The Taiwanese model Heidi Yeh has spoken out about an image meme on the internet that has ruined her life and her career.
Have you ever been misunderstood on the internet? Yeh understood how it feels, she desperately wrote this “”Just because I’m a model, people can hurt me like this and I can’t fight back. I just want to hide.”
Yeh’s story begins with shooting an advertisement for a Taiwanese cosmetic clinic depicting an attractive couple and 3 children who have had their facial features digitally altered to highlight a contrast between them and the parents.
The advertisement had a caption that read “The only thing you’ll ever have to worry about is how to explain it to the kids.”
According to Heidi Yeh, the contract signed by her agency and international advertising firm J Walter Thompson was for newspaper and print usage by only the one clinic. However, this would not end up being the case.
Eventually JWT allowed another clinic, Simple Beauty, to make use of the image as well as posting it to the JWT Facebook page.
At this point, the image spread like wildfire across the internet and rumors started to take hold.
The image was turned into a meme and shared across the internet with a new caption.
Yeh had never had plastic surgery done, but had now become the center of many rumors and speculations about her personal life.
‘People thought it was real.’
In 2012, a Chinese tabloid created a story based on the image about a man in Heilongjiang suing his wife when he discovered she’d had plastic surgery before they met, leading to their children looking nothing like her.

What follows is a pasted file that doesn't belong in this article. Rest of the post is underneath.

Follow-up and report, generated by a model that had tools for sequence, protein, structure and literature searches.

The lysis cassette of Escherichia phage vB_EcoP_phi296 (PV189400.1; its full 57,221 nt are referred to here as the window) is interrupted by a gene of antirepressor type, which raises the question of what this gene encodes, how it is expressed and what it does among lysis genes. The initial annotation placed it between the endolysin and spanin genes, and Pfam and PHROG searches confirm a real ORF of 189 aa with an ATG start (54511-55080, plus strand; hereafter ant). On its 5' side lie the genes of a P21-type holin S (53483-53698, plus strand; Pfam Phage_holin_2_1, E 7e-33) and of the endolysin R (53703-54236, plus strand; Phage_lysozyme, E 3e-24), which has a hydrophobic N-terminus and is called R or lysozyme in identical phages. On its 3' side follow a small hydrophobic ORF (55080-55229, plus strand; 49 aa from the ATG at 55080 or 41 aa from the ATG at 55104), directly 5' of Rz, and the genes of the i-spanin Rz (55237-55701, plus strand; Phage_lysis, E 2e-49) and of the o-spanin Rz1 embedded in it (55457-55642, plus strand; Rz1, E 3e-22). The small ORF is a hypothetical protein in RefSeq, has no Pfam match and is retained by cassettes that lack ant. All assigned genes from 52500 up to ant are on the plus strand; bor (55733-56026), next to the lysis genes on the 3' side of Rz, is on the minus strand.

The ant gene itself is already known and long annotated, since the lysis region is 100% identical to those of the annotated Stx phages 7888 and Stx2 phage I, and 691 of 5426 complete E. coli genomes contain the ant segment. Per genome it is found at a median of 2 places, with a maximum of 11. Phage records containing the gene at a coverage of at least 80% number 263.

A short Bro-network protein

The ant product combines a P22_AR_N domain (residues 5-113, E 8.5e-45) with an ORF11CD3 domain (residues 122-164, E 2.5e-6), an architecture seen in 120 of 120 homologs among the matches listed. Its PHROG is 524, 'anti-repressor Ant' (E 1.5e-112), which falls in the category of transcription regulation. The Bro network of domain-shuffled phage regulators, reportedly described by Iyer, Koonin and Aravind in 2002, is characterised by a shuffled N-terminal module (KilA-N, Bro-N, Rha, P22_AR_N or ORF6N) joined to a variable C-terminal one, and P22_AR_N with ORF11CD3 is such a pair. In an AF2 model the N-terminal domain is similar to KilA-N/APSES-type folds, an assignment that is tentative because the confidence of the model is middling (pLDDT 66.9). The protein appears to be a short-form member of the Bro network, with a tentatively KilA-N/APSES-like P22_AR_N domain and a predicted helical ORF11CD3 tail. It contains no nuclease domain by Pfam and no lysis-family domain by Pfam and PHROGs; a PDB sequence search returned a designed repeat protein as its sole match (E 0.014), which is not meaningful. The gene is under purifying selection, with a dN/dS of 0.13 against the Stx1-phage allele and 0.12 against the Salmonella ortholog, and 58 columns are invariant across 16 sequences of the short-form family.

Yeh’s family and friends began to question her about the rumors.
Yeh’s then-boyfriend broke up with her due to the constant rumors, and she saw a distinct decline in modeling work after the meme and story. “People refused to believe that I had never had plastic surgery… After this, I only got small roles in advertisements.”
Yeh has made many attempts to have the image removed from the second clinic’s site as well as JWT’s.
She has finally seen success with the help of a Taipei city councillor after stating during a press conference that she would attempt to sue JWT.
JWT claims that because they own the copyright to the photo, they are free to edit, modify, and use it.
Yeh’s lawyer Chang Yu-chi stated: “We gave you the copyright and the right to edit it, but we didn’t give you the right to let another company use it, and to use it online.”
Here’s hoping that Heidi Yeh’s life can return to normal once all of this is over and she can resume the modeling career she once loved so much.
Be sure to SHARE the true story about Heidi Yeh if you’ve ever been misunderstood on the internet! Let’s make things right.